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Sinhagad Fort, Pune- Maharashtra

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Sinhagad Fort, Pune- Maharashtra


Sinhagad is an ancient hill fortress located at around 49 km southwest of the city of Pune, India.

Previously known as Kondhana, the fort had been the site of many battles, most notably the Battle of Sinhagad in 1670.

It is located in the Pune district in Maharashtra. The fort is also on the famous fort in Maharashtra which has a great history of Tanaji Malusare. The fort was captured by Tanaji Malusare and his brother. Sinhagad (Lion’s Fort) fort was strategically built to provide natural protection from the enemies due to its very steep slopes. The walls of the forts and bastions were constructed only at key places. There are two gates to enter the fort named Kalyan Darwaja and Pune Darwaza. The Kalyan Darwaja is towards the southeast while the Pune Darwaza is towards north east. The fort is surrounded by several other forts, and was known as the control center of the Maratha Empire. In clear weather, Rajgad, Purandar and Torna forts can be seen from the Sinhagad killa.

Perched on an isolated cliff of the Bhuleswar range in the Sahyadri Mountains, the fort is situated on a hill about 760 metres (2,490 ft) above ground and 1,317 metres (4,321 ft) above mean sea level.

Early history
Some of the information available about the fort, suggests that it could have been built 2000 years ago.[citation needed] The caves and the carvings in the Kaundinyeshwar temple stand as proofs for the same.. Also there is a Gondwana state symbol on the main gate of the fort. It has the sign of lion and elephant as well as fish. The Raj Gondian[citation needed] According to the Deccan sultanates era muslim historian Ferishta, Sinhagad fort was captured from Koli chieftain Nag Nayak in 1340 by the sultan of Delhi, Muhammad bin Tughluq.

The Sinhagad Fort was initially known as “Kondhana” after the sage Kaundinya. The Kaundinyeshwar temple coupled with the caves and carvings indicates that the fort had probably been built around two thousand years ago.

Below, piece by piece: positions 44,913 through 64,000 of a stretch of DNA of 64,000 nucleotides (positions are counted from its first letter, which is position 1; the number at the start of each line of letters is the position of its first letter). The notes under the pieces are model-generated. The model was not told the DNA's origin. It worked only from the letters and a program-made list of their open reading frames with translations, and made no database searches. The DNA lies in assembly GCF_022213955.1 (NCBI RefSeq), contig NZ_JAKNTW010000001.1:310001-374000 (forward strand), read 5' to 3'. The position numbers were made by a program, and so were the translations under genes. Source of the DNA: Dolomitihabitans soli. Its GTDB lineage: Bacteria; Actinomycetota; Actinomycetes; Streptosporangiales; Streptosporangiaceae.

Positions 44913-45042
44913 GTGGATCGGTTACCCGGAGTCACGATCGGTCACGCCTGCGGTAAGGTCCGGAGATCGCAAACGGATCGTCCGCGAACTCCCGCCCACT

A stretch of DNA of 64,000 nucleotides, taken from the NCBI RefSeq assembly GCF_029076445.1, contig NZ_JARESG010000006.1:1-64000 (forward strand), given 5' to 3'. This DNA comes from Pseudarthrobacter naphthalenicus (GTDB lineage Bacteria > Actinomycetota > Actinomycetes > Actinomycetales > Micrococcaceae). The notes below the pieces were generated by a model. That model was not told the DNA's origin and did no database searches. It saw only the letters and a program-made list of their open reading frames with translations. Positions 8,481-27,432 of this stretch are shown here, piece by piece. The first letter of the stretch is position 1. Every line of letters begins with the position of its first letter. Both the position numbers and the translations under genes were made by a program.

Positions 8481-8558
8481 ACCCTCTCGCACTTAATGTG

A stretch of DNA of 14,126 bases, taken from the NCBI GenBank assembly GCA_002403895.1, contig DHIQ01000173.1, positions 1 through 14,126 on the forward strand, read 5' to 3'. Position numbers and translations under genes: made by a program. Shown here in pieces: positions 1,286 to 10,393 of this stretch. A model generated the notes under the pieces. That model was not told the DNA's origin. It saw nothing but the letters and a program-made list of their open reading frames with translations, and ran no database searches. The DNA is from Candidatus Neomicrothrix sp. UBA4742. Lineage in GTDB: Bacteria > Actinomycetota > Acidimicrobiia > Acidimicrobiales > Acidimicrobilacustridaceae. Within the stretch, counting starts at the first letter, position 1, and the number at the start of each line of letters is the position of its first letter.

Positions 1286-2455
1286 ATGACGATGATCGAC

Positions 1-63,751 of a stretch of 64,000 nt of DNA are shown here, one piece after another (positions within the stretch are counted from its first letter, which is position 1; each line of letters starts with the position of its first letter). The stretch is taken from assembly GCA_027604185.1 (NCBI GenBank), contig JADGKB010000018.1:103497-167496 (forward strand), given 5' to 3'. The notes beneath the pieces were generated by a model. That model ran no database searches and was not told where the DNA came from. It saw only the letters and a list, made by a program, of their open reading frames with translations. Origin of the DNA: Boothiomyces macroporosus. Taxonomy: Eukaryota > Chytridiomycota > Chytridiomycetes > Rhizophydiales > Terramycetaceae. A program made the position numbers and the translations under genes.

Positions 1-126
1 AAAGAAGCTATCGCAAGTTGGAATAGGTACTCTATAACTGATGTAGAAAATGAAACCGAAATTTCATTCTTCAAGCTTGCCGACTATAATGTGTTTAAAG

The fort was captured by forces of Muhammad bin Tughluq in 1328 from Koli chieftain Nag Naik after a siege of eight months. It then became part of the Bahmani sultanate followed by the Nizam Shahi of Ahmadnagar in 1485. After the fall of Nizam shahi it came under the control of the Adilshahi in early late 1500s.

Battle for control in 17th century
Shahaji Bhosale, as the commander of Ibrahim Adil Shah II, was entrusted with the control of the Pune region. His son Chatrapati Shivaji Maharaj, refused to accept the Adilshahi and initiated the task of setting up Swarajya. Chatrapati Shivaji Maharaj gained control of Kondana in 1647 by convincing Siddi Amber, the Adilshahi Sardar who controlled the fort, that he, the son of Shahaji Bhosale, could manage the fort’s defenses optimally. Bapuji Mudgal Deshpande played a key role in this activity. Adil Shah jailed Siddi Amber for this treasonous act and schemed to get it back. He imprisoned Shahaji Bhosale for a concocted crime and informed Shivaji. In 1649, Adil Shah traded the fort for Shahaji’s release. Chatrapati Shivaji Maharaj recaptured it in 1656 again with the help of Bapuji Mudgal Deshpande who convinced the Fort commander by giving land in the newly created Khed Shivapur village and peacefully gained control of the fort. This fort saw attacks by Mughals in 1662, 1663, and 1665. In 1664, Shaista Khan, a Mughal general, tried to bribe the people of the fort to hand it over to him but was unsuccessful.Through the Treaty of Purandar in 1665, that Chatrapati Shivaji Maharaj entered into with Mughal general Mirza Raja Jai Singh I the fort passed into the Mughal hands.

Battle of Sinhagad
Main article: Battle of Sinhagad
In 1670, Chatrapati Shivaji Maharaj reconquered the fort for the third time through his Koli Subedar, Tanaji Malusare in Battle of Sinhagad, and the fort came and stayed under the Maratha rule till 1689 A.D.
A steep cliff leading to the fort was scaled in the dead of the night with the help of a tamed monitor lizard named “Yashwanti”, colloquially known as a Ghorpad. Thereafter, A fierce battle ensued between Tanaji and his men versus the Mughal army headed by Udaybhan Singh Rathod, a Rajput Sardar who had control of the fort. Tanaji Malusare lost his life, but his brother Suryaji took over and captured the Kondana fort, now known as Sinhagad.

There is an anecdote that upon hearing of Tanaji’s death, Shivaji expressed his remorse with the words, “Gad ala, pan Sinha gela” – “The Fort is conquered, but the Lion was lost”.According to some, the name Sinhagad predates this event. A bust of Tanaji Malusare was established on the fort in memory of his contribution to the battle.

After the death of Sambhaji, the Mughals regained control of the fort. The Marathas headed by “Sardar Balkawade”, recaptured it in 1693. Rajaram I took asylum in this fort during a Mogul raid on Satara. He died at the Fort on 3 March 1700 A.D. In 1703, Aurangzeb conquered the fort. In 1706, it once again went into the hands of the Maratha’s. Panaji Shivdev of Sangola, Visaji Chafer, and Shankar Narayan,the Pant Sachiv played a key role in this battle.

Peshwa era
The fort remained under Maratha’s rule till the year 1817. The more than one century of the Peshwa rule saw the fort serving as a refuge from hostile forces attacking Pune, or as a place of confinement for rebels. In 1817 the East India Company, general Pritzler laid siege to the fort on the orders of Mountstuart Elphinstone, the company resident in Pune at the end of Third Anglo-Maratha War and it passed into the British hands.


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